As amazing as parental blessings are, grandparental joys are deeper, richer and wider. But sometimes, just as tiring. On Monday, Craig and I concluded a week’s visit in Virginia with our 2nd daughter and her family, feeling full and running over. And ready to go home.
The purpose of the visit was threefold: 1) for Grandpa to build the stairway on the playhouse he built last summer but had to suspend work for awhile because of a bad back; 2) to help with a garage sale; and 3) to celebrate a grandson’s fifth birthday.
The garage sale was a little out of the ordinary. It was a fund-raiser for a project they’re working on, and they’d received donations from scads of people. I have no idea how many contributed, but the amount of stuff they were given to sell was huge, filling the two-car garage, driveway, entire front yard, and the basement. (You can walk into their basement through a ground-level patio door at the back of the house, and they filled the area with bins and racks of clothing for sale.) I intended to take pictures of the massive event, but it was so chaotic, I didn’t find the time. It’s probably one of those things you can’t capture in a picture, anyway; it had to be seen to be appreciated.
It was a lot of work. A LOT of work. For the sale itself, they enlisted all four parents as well as a few friends, and it kept us all hopping. But that’s not counting the several weeks’ worth of preparation and the final clean-up. It was worth it, though; they made a tidy sum.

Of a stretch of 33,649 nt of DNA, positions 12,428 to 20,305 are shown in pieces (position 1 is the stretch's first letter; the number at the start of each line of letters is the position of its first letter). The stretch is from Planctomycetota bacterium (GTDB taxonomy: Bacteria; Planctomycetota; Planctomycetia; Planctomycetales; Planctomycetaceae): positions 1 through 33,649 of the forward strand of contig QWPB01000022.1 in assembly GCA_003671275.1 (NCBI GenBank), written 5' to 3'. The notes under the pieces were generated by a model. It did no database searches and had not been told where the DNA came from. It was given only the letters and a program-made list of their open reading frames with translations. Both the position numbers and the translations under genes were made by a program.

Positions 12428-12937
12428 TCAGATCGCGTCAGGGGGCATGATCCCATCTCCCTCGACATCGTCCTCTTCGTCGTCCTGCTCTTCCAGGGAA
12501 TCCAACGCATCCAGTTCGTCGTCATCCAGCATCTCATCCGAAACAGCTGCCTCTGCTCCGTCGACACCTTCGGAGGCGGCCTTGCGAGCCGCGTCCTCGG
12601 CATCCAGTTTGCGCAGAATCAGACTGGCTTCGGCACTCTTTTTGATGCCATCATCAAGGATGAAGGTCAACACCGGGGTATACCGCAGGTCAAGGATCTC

So what’s this project they’re raising funds for, you may ask? Answer: an international adoption. Though they have three natural-born children, they’re adopting two more — from the Democratic Republic of the Congo. They’ve been going through this expensive process for quite some time and are now in the final leg, hoping to receive the children in a few months.
I’ve never been the kind of person who enjoys being around children. I loved my own, and I love my grandkids; but I don’t enjoy children in general. Therefore it’s been hard for me to wrap my mind around why my daughter and her husband would want to adopt when they have three of their own.
They both love kids (unlike me). It breaks their hearts to think of all the children in the world who have no one to love them. Orphans are tragic in any country, of course; but in some places, like the Congo, those children have less hope for the future than a stray dog has in an American pound. Any thinking, feeling human being would want to help them, but the situation is staggering. What can be done for them?
En masse? Not much. But individually, a few can be helped.
My daughter and son-in-law know they can’t change the world—but they can change the universe for two children.
It’s a tremendous expense; it’s an enormous amount of work; they’ll pay for it over the rest of their lives with an ocean of toil and tears. But they know that, and are doing it anyway.
So when people ask me about my grandchildren, I tell them I have three, with two on the way. And I’m every bit as proud and happy—and looking forward to holding the next two in my arms—as I would be if my daughter were carrying them in her womb.
That doesn’t put all my feelings into words, but it’s a start. Maybe I’ll write a book about it someday.